By Josh Mitchell/Corinth Today News Editor
Data helps tell a community’s story.
Data shows us things we did not know about our city and county.
Data points out where a town is excelling or struggling.
Data is there to be discovered.
Research is an important part of a journalist’s job, and with the convenience of the Internet there is a rich amount of information right at our fingertips.
Other than covering community events, sports activities, town board meetings and other newsworthy happenings, I think it is also important for local reporters to review government data.
I often go to well-known, credible sources such as the Census Bureau and the Centers for Disease Control & Prevention to get important information about Corinth and Alcorn County.
Data can be like a community’s vital signs. If humans don’t go to the doctor to get their blood pressure checked and have other tests done, there could be problems going on under the surface that we are unaware of. Medical tests can also reveal parts of our physiology that are performing well.
The same can be said about government data when it comes to testing the health of a city or county.
That is why there is so much interest when school test scores from the state are released.
It is also why cities pay close attention to sales tax revenue reports each month.
It is why millions of Americans look at the Dow Jones Industrial Average each day.
It is why sports fans across the world analyze statistics of their favorite teams.
These facts and figures allow us to be more informed citizens and show us where we can improve.
Businesses, schools and governments rely on data to see if their action plans are working. Without data, organizations would have no way to measure their performance.
I have lived in Mississippi most of my life and can tell you many great things about numerous parts of the Magnolia State, including Corinth.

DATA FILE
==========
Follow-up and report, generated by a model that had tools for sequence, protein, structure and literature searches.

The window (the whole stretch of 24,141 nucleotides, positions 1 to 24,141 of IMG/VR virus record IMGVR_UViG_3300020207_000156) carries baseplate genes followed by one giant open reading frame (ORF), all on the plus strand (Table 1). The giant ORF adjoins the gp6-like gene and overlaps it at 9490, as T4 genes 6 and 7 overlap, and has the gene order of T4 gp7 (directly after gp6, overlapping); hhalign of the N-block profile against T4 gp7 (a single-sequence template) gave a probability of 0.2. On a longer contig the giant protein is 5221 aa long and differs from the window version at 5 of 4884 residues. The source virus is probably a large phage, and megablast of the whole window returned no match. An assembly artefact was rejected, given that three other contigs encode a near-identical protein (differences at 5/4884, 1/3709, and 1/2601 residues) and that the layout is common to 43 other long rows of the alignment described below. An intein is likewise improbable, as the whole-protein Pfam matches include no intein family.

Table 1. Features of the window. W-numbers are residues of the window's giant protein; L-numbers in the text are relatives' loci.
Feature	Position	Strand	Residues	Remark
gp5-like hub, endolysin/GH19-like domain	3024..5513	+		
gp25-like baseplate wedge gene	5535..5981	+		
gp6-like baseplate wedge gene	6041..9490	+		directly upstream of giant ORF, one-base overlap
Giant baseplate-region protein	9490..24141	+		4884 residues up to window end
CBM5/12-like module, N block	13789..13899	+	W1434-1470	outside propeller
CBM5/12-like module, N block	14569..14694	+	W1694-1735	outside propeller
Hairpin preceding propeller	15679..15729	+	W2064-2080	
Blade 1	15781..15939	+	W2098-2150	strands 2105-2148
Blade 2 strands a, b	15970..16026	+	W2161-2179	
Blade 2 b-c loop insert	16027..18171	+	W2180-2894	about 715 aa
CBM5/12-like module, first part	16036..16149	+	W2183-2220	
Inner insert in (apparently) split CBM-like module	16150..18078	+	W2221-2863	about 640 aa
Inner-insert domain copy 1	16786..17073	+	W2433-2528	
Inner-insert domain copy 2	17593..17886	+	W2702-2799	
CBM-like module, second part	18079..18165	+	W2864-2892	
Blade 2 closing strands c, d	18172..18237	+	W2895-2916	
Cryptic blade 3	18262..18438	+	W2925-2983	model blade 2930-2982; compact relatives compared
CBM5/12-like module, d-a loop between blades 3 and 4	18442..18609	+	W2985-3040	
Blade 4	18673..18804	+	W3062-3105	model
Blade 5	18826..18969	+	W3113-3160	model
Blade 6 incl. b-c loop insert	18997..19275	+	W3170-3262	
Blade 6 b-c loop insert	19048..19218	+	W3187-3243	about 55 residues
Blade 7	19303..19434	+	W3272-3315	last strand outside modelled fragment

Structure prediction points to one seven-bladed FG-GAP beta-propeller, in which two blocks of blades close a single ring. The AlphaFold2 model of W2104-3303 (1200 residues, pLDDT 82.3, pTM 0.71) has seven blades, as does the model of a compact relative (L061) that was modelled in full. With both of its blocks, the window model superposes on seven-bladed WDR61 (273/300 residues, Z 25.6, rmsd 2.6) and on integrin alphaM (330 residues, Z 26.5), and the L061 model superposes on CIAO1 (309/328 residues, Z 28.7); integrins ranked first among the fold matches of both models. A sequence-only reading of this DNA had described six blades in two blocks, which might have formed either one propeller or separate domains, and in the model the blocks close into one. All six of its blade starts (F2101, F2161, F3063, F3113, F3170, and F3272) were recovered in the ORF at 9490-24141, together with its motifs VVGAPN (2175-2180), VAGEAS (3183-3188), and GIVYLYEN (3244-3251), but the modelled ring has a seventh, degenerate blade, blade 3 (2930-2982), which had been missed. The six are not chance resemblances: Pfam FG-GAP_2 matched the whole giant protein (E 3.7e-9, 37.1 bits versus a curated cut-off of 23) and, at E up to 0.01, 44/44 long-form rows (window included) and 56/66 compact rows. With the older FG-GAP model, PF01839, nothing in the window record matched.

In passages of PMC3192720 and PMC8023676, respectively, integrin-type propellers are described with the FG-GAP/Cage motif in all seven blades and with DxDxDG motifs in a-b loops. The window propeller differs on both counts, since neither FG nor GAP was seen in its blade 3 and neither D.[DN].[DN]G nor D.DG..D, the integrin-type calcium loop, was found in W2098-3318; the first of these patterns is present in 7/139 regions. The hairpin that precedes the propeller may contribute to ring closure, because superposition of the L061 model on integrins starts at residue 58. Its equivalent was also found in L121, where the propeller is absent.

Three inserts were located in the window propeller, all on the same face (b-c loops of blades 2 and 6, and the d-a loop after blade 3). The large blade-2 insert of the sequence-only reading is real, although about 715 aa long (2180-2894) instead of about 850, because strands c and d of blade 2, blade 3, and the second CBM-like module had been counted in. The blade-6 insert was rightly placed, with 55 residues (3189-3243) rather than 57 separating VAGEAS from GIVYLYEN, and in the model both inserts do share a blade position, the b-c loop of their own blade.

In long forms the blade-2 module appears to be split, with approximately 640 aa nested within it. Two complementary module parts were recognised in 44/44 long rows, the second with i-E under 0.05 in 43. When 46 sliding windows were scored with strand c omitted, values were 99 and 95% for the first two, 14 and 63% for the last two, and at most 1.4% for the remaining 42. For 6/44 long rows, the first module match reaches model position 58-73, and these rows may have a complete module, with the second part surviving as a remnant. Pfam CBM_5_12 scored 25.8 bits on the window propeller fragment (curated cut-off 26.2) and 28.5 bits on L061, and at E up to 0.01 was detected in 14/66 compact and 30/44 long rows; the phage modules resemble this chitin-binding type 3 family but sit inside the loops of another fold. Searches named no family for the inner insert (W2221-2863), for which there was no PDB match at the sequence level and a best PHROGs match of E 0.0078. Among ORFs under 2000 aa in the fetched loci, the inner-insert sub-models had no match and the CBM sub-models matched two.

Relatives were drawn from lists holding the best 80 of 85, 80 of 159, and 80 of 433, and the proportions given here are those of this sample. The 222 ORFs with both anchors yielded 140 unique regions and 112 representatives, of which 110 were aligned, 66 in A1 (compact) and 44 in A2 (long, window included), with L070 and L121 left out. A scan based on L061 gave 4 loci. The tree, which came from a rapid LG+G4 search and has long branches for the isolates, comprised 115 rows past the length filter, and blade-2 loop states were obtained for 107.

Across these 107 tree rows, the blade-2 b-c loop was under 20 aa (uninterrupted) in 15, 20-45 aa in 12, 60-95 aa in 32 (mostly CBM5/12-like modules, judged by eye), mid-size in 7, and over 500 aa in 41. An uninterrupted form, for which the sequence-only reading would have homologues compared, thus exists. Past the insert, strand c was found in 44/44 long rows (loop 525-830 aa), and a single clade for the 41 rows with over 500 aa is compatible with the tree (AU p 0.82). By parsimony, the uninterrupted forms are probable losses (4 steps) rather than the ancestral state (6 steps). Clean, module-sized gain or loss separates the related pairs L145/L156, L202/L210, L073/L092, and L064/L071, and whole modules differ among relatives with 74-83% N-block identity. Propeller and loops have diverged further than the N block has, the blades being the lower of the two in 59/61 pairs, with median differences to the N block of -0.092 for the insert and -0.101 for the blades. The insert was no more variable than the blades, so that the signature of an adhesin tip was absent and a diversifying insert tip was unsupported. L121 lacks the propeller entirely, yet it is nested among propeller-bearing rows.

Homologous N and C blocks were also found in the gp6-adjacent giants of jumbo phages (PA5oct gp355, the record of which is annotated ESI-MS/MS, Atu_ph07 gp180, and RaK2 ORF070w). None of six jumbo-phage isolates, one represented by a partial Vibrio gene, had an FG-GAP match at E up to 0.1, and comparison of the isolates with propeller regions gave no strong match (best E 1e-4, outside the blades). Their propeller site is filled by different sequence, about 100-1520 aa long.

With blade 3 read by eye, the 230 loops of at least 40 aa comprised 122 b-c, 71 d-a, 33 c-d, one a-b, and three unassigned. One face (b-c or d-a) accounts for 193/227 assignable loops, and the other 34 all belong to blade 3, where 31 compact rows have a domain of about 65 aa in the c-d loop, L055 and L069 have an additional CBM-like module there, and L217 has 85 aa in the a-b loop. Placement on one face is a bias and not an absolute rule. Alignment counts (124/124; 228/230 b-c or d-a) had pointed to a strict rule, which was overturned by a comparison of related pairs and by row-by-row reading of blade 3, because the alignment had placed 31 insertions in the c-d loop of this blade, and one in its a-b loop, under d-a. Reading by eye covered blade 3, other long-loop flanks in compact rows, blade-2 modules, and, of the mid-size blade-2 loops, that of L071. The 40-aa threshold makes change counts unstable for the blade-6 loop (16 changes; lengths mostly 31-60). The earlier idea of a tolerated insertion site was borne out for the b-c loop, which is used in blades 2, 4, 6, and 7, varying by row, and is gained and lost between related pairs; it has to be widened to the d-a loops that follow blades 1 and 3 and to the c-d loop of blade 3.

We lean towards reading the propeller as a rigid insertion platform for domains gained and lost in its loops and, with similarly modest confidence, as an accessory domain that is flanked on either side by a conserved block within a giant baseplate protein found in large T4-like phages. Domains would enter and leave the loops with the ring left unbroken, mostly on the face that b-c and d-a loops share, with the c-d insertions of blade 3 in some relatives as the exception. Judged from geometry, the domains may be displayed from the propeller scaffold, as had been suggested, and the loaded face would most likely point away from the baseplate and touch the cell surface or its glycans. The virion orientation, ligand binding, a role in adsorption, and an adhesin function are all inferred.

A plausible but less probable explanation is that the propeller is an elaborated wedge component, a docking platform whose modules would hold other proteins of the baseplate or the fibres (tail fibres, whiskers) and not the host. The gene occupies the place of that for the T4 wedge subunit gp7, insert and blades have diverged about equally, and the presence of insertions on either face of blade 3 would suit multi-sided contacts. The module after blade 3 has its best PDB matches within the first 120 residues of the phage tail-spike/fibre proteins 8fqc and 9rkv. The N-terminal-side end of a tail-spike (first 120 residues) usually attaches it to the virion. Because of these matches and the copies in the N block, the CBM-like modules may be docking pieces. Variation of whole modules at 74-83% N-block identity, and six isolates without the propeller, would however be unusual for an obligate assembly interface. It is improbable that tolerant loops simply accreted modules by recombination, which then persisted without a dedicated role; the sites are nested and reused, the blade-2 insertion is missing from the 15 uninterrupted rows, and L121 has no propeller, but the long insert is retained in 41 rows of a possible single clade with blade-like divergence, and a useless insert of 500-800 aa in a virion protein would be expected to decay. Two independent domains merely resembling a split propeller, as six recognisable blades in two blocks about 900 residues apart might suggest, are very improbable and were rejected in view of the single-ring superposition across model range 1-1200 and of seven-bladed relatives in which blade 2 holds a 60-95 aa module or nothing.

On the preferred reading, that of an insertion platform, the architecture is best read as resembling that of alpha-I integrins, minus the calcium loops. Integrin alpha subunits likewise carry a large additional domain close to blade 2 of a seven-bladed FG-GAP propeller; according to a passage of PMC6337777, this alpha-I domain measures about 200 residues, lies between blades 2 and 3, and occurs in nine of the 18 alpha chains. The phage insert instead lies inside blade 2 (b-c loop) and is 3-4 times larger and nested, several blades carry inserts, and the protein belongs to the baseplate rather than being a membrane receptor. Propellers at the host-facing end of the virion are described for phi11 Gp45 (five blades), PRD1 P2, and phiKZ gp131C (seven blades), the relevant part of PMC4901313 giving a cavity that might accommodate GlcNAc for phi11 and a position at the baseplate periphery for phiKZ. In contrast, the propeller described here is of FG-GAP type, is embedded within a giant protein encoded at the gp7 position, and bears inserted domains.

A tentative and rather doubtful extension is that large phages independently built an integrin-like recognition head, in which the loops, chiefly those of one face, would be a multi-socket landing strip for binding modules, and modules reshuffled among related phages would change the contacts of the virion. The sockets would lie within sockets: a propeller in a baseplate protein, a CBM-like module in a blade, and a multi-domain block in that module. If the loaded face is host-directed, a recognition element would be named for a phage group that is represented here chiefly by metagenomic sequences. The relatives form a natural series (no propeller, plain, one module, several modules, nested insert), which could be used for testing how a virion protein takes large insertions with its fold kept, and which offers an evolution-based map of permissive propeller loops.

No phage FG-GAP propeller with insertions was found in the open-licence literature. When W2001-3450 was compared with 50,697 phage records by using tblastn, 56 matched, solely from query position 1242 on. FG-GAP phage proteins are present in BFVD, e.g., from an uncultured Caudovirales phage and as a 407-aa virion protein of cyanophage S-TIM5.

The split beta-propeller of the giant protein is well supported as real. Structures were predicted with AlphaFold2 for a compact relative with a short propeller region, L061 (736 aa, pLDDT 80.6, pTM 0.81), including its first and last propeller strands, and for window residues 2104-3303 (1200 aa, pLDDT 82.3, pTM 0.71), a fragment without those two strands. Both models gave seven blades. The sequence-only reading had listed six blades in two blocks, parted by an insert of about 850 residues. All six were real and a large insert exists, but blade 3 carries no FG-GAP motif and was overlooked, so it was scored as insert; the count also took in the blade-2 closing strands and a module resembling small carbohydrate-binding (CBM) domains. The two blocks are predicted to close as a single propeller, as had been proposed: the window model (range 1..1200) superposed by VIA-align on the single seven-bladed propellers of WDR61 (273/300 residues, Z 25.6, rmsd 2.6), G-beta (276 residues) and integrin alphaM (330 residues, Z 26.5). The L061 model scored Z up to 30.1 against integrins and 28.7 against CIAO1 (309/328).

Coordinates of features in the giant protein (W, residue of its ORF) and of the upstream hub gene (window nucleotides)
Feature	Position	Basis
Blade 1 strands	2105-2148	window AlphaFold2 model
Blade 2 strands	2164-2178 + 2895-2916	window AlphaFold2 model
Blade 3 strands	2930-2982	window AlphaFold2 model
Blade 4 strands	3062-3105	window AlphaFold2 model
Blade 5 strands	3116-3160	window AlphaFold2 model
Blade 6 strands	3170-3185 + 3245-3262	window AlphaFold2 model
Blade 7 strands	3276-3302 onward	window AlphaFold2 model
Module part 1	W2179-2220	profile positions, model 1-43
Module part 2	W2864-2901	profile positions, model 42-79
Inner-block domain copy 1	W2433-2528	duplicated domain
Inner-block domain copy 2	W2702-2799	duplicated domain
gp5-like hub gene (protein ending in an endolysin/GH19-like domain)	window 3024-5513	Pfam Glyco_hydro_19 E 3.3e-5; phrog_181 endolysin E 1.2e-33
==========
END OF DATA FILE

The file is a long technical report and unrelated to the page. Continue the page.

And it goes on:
But my personal experiences and what I hear from other people can only take me so far in terms of gaining a deeper understanding of Corinth, Alcorn County and Mississippi as a whole.
At Corinth Today, we want to go beyond surface-level reporting and dig into the facts and statistics that help define a community’s past and future.
Corinth Today has reported statistics on issues such as single-parent homes, teen pregnancy rates and the number of people in poverty.
Sometimes data and how or when it is presented can upset people. Such was the case this week when I wrote a column that reported data on the number of home loans that were obtained by whites and blacks in Alcorn County. Many people felt that sharing such data was not a good idea, and I can understand their point.
But I still feel that such data is vitally important and was not compiled to just “sit on a shelf” and not be seen.
For instance, 2015 Census data estimate that about 44 percent of African American households were owner-occupied homes versus 72 percent of whites. That means it was estimated that more than half of African Americans in Alcorn County were in rental homes.
Pointing out this information is not meant to stir controversy but simply ask a question: Why do a lower percentage of African American households in Alcorn County own a home compared to whites?
Likewise, why do other Census estimates show that 30 percent of white and black children in Alcorn were below poverty?
Similarly, why were 71 percent of African American children in Mississippi in single-parent homes compared to 29 percent of white children?
These are critically important questions that any community must ask itself if it wants to continue to grow and succeed. Yes, these are tough questions, but a community can work together as one to tackle these issues for the benefit of all. Fortunately, Corinth is a community that demonstrates harmony in many ways.